Euroculture Report

Japanoculture

We have six lectures, all part of an already decided curriculum, and the best way to describe their content is by taking the ‘euro’ out of our programme’s title and replace it by ‘japan (-o)’. A great deal of the time we focus on Japanese history, both from cultural and political perspectives. All courses include a fieldtrip, and that’s why we spent a weekend looking back on the past and karaoke-ing with our professor in Hiroshima.

Jojanne van Andel

You know how it happens: at a party someone asks you what you do. And you answer you study Euroculture. The last word sometimes causes confusion, but in general: quite a normal response, right?

Osaka Castle

Osaka Castle

Well, not when you’re in Japan. I don’t remember how many frowning eyebrows I have tried to circumnavigate over the past two months. I have tried to explain it, but I got stuck most often after “it has something to do with culture”, which most of the times only raises more questions… At a certain moment I just gave up and answered vague words like “history”, “politics” or, after midnight, “mathematical engineering”, because in Japan for some reason that actually sounds plausible. And it’s way too complicated for anybody ask questions about anyway.

Nevertheless, it’s true that studying MA Euroculture here in Osaka is maybe not the most logical combination ever. It is obvious that Europe is both literally and figuratively far away. So, if you are considering taking a research semester in Japan and all you want is Europe, maybe this is not the best option. However, if you are up for learning new things, from different perspectives and most of all, adventure, this is perfect for you!

Even though the term ‘research track’ may cause some to suspect otherwise, what we do here basically comes down to taking university courses in small groups with some other international students that, for one reason or another, know exactly who and what we are. We have six lectures, all part of an already decided curriculum, and the best way to describe their content is by taking the ‘euro’ out of our programme’s title and replace it by ‘japan (-o)’. A great deal of the time we focus on Japanese history, both from cultural and political perspectives. All courses include a fieldtrip, and that’s why we spent a weekend looking back on the past and karaoke-ing with our professor in Hiroshima. Just one week later we were gazing at tanks during a military exercise at a Self Defence Forces basis, an experience I never expected to have in this country. Apart from that, we take a seminar on civil society development in Japan; a topic nowadays very relevant with regard to the anti-nuclear movement after the Fukushima disaster. And finally, there are some general courses on intercultural contacts, Japanese arts and a possibility to take a class to learn a little bit of the language. But that has proven quite a challenge for me up to now!

The local youth at Himeji SDF base & "Never expected to conquer a tank in Japan!"

Field trips: the local youth at Himeji SDF base & “Never expected to conquer a tank in Japan!”

All in all, an interesting curriculum. Yet, the real strength of the programme here is the chance to learn a little bit about this country and to peel away the first superficial layers of its complexity. Just a stereotypical, but valid generalisation: Japan really is like nothing else. It will keep surprising you, way beyond the obvious chopsticks and forks. It clearly shows in the academic context we are part of here. During one of our classes, for example, I was corrected because I described something in a geographical way by using the word ‘oriental’. Then another time, one classmate delightedly suggested to us to go eat some good whale meat downtown. Never a dull moment! Being here offers a great opportunity to learn more about these kind of things, something that could, for sure, be beneficial when looking for an international job in the future.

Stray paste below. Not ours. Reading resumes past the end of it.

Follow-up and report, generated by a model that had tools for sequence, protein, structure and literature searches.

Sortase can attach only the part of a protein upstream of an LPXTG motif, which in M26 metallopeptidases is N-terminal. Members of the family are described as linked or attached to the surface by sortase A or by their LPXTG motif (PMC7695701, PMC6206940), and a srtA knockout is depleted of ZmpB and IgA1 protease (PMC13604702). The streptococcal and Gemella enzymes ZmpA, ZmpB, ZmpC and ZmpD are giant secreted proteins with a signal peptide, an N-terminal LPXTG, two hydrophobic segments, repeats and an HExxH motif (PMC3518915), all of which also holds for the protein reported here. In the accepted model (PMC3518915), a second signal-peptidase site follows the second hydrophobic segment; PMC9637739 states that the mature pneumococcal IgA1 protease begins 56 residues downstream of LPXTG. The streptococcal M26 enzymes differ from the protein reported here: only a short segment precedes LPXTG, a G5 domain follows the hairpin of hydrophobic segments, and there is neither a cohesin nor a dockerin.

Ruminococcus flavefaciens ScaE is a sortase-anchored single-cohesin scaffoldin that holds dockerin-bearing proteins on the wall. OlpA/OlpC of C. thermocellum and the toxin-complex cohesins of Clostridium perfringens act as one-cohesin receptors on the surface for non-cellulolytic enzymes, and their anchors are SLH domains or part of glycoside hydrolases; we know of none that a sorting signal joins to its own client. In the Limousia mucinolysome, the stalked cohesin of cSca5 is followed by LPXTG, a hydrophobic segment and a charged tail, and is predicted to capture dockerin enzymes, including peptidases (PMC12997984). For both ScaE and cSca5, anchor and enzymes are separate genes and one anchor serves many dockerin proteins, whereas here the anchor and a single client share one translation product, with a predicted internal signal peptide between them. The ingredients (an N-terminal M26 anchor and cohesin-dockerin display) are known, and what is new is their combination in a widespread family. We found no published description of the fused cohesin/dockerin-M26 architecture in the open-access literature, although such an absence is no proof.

Then, on the other hand, for the Japanese it is very clear that we are different as well! Sometimes high school kids walk the slopes of the lovely green campus after a tough day of entrance exams. And once they see blond hair at moments like these they just can’t help but stare. Not to mention the one lady that ran after us, screaming in the subway, just to say hello to the strangers. Your annual dose of celebrity status can be achieved here very easily.

The best excuse for studying in Japan though can be summarized with one word: adventure. Especially in the beginning, everything can be described as such, from finding your way in the metro, to having lunch in one of the student cafeterias. Also, in general, there aremany opportunities to go travel and, since Osaka is in the heart of the Kansai area, close to the historical capitals of Kyoto and Nara, there are many things to see.

So that is it, the things I have done here over the past few months put in a few words. Now that Christmas is coming closer, I think I may be expecting some more questions at parties. This time, however, I think I don’t need to wait for the gluhwein – because after three months here in Japan, I have enough stories to tell!

jojo and albert

Field trip: Itsukushima Shrine near Hiroshima

If you want to know more about doing a research track in Osaka, also read Juggling Culture Shock

jojanneJojanne van Andel, Osaka Correspondent
Jojanne got her undergraduate degree in International Relations from the University of Groningen before starting MA Euroculture there. She studies also in the University of Strasbourg, and is currently completing a research track and eating good food in Osaka, Japan. Her interests are European politics, history and intercultural communication.

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